Being online nowadays can be such a good thing but too much of a good thing can be bad. It can be scary how easy it is to access personal information on the Internet. Things like addresses and phone numbers can be found by hackers so easy if we aren’t careful with what we put online.
These 7 tips will help you protect your information online:
Sharing a lot of information online can be dangerous. Your Timeline on Facebook may even be like your online scrapbook for the whole world to see, including stalkers. You just “checked-in” at the popular gym downtown and now all of your friends know where you are and what you are doing.
Delete Spam Emails
Who likes spam emails, raise your hand?! Okay, no one. All they do is take up space in your inbox/junk folder that you clear out maybe once a year. Not only do they just take up space, they can be extremely dangerous. If you receive a spam email, do not open or click on the link that they give you. Some of those emails are able to access all of your contacts’ information, plus yours.
I don’t care who you are or what computer you own, it’s possible for ALL computers to get viruses. Just because you own a Mac does not exclude you from that group of users. I’d rather be safe than sorry when it comes to the information on my computer being hacked. Most of us have a lot of valuable information on our computers like usernames and passwords. Security software is one way that you can protect you and your computer from hackers and viruses.
Delete Cookies Often
Who would have thought that getting rid of cookies would be a good thing? Ever! Cookies used on the web are small text files that websites put on your computer to store information about you and your preferences. You’re basically being stalked… Ever wonder how those Facebook ads know exactly what you like?
Having cookies saved can be useful like when you don’t want to sign in to Facebook every time. They can actually enhance your experience on a website as well because it tracks your preferences.
Deleting them often improves your privacy and protection so that websites don’t have that information forever.
Use Different Passwords
This is a point that I have a difficult time with. That’s probably not something I want to admit, but I will change! No one likes remembering which password goes to which account, but it can be a good thing to do. In fact, this is something you should do.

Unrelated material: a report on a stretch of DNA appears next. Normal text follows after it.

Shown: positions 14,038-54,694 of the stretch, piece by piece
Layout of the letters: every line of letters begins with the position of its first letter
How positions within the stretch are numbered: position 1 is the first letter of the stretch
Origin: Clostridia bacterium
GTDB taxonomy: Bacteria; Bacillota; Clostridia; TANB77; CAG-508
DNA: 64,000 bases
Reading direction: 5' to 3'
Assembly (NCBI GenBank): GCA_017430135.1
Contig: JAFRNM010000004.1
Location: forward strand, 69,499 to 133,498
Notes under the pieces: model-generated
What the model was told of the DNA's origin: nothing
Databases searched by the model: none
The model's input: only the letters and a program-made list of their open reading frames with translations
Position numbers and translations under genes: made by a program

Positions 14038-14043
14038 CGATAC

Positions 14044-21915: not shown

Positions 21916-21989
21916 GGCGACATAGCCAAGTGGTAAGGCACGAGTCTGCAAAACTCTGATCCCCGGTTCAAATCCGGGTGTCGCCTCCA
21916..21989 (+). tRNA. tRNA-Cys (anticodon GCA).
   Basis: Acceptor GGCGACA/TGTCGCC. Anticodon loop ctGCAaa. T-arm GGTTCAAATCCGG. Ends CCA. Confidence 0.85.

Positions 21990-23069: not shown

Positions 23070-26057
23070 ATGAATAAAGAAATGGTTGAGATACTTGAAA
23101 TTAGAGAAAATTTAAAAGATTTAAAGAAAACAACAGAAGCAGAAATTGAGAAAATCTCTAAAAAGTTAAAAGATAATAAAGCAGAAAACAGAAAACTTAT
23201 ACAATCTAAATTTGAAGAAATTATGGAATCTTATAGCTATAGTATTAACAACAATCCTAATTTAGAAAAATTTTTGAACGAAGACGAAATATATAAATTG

Is your pin the same number as the passcode to unlock your phone?
What about the password for your internet? Is it your phone number?
Does your Twitter, bank login and Nordstrom have the same password?
Chances are you use one password for a lot of things for convenience. It’s definitely convenient for that hacker too.
Secure Social Media Information
You can make most of your information on your social media profiles private so that others aren’t able to see them. Go to the settings of your social media sites and make sure there’s not information on there that could be valuable to a hacker like the year of your birthday or address. There are a lot of things you should avoid putting on the Internet.
Use Two-Factor Authentication (2FA)
This means you use two different ways to verify your account login. Using a username and password is only considered a single-factor verification. While using 2FA you have three options to choose from for your second authentication:
- Something you know: PIN number, password or a pattern
- Something you have: ATM card, phone or fob
- Something you are: fingerprint or voice print
Most social media sites like Facebook are using this tactic. Facebook will send a code to your phone via text message and you have to verify the security code online.
It’s important to keep your information secure. When you hear the term ‘personal information’ you may only think of things like your name, phone number, address or even social security number. All of those things are personal information, but there are so many more things that can happen if your personal information is obtained:
- Identity theft
- Financial theft
- Burglaries (example: posting that you are going out of town)
- Credit card scams
- Medical benefit fraud
It’s easy to feel safe behind a computer. Don’t let the vulnerable side of you take over because there are people out there that want your information whether you know it or not. How do you keep your personal information safe?